“always needs to justify itself through deceit, and to appear, however falsely, to be defending a right or responding to a threat posed by others.”35 The occasional gap in consistency is at times particularly pronounced when the magisterial stance toward armed violence, which can be seen as either nuanced or compromised (or perhaps both), is juxtaposed with the more unequivocal stance taken regarding issues related to procreation. Still, the issues here are more complex than is often appreciated by Catholics of all political persuasions. While the popes and bishops do tend to display a noticeably more uncompromising attitude toward abortion than other forms of violence,36 they also tend, for the most part, to address it in relation to other social issues rather than in the decontextualized manner in which the subject is too often approached in the political sphere. We have seen a strong example of this in John Paul II’s broadly defined pro-life position articulated in Centesimus Annus.37 His successor Benedict XVI, in Caritas in Veritate, attempts to maintain the same breadth38 while also confronting the difficult problem of overpopulation – a challenge that had previously been taken up at Vatican II in Gaudium et Spes, with very similar conclusions. Population growth poses an unshakable dilemma for the consistent life ethic and perhaps its greatest challenge, inasmuch as the defense of life in this context contributes to an unsustainable rise in the human population that in turn becomes a new threat to life. Both Benedict and the Council recognize that this is problematic; the closest either manages to come to a proposed solution is to place responsibility for procreative decisions in the hands of parents rather than the state.39 There is indeed no clear and easy answer to the population dilemma, but Catholic social teaching affirms that no solution that regards any category of human life as inherently expendable can be morally permissible.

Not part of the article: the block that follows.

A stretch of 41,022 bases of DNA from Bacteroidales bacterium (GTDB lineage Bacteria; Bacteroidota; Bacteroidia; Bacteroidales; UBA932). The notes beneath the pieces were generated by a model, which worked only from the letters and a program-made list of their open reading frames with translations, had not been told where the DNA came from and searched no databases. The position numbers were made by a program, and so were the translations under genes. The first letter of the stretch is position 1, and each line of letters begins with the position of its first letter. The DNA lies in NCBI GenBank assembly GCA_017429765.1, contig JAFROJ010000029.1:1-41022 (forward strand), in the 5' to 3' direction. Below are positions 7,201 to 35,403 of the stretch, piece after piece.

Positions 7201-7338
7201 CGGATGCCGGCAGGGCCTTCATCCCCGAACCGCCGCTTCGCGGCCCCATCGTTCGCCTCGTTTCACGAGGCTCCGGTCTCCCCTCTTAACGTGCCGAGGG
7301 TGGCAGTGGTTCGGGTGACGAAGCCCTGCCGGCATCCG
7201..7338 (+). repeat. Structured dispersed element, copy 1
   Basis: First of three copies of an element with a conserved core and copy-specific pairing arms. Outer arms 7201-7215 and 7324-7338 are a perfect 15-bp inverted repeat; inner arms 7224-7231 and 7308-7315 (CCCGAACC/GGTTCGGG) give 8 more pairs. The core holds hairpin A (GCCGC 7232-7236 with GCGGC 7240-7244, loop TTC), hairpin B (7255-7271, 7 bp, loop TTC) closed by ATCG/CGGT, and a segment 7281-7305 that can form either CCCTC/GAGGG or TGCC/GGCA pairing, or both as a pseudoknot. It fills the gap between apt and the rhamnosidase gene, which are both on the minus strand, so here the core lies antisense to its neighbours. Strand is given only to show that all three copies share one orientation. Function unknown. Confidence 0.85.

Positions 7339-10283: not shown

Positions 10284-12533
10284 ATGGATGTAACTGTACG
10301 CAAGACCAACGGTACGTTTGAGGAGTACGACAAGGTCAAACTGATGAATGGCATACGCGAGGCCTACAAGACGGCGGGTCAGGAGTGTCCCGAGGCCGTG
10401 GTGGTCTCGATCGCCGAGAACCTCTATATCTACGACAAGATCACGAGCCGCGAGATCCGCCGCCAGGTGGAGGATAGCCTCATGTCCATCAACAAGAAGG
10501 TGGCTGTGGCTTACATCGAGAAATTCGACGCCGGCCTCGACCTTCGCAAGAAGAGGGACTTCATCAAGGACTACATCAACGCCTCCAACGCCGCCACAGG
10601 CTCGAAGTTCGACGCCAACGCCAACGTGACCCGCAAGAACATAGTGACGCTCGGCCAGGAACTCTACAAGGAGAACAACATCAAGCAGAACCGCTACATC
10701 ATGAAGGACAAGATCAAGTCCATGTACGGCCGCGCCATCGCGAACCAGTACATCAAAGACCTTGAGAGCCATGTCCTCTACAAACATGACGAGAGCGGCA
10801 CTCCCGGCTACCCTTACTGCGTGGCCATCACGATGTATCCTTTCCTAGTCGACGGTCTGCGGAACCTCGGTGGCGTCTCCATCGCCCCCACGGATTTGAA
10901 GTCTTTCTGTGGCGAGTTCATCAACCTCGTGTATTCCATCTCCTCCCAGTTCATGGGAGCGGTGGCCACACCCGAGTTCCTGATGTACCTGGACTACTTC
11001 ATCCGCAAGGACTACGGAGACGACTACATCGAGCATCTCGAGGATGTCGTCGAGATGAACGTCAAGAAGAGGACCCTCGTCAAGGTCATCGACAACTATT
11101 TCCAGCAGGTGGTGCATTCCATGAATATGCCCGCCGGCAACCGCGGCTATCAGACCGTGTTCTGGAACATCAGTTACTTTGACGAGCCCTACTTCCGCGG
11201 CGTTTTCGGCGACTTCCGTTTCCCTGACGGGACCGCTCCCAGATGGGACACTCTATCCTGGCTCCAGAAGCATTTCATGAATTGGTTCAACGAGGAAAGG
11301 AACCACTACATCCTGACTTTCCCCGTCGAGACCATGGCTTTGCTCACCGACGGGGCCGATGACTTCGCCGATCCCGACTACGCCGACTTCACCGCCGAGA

Julia Smucker is an MA student at Saint John’s School of Theology in Collegeville, Minnesota. She is honored to count herself among a small but growing number of Mennonite Catholics, and to have been dubbed the Anti-Dichotomy Queen. References  For a view of the movement in its current form, see the Consistent Life (formerly Seamless Garment Network) website, http://www.consistent-life.org.  Lisa Sowle Cahill, “The ‘Seamless Garment’: Life in Its Beginnings.” Theological Studies 46.1 (March 1985), 64-80.
The refusal to allow for the expendability of any human life, which is axiomatic for the consistent life ethic, ultimately ties back in Catholic social teaching to its axiom of the intrinsic dignity of all human 37
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 Centesimus Annus, 47.  Populorum Progressio, 53.  Centesimus Annus, 47.  Ibid.  Ibid, 37-40.  Populorum Progressio, 53.  Ibid, 51-55.  For an overview of the approach taken to armed conflict (both state-sponsored and revolutionary) in the Catholic social documents, see Pacem in Terris 109-119, 161-162; Gaudium et Spes 75-85; Populorum Progressio 48-65; Octogesima Adveniens 3; Evangelii Nuntiandi 37; Centesimus Annus 14, 18, 23-25.  Centesimus Annus, 23.  As previously noted, this juxtaposition comes out most strongly in the U.S. bishops’ pastoral letter, The Challenge of Peace, 280-289.  Centesimus Annus, 39, 47.  The connections among life issues in Caritas in Veritate are most explicit in 15, 28 and 51.  Gaudium et Spes, 87; Caritas in Veritate, 44.  Bernardin’s approach to the consistent life ethic in fact began with the connection between abortion and war, but “quickly expanded…to include many issues from all of life.” (Kenneth R. Overburg, S.J., “A Consistent Ethic of Life,” http://www.americancatholic.org/Newsletters/CU/ac0798.asp.)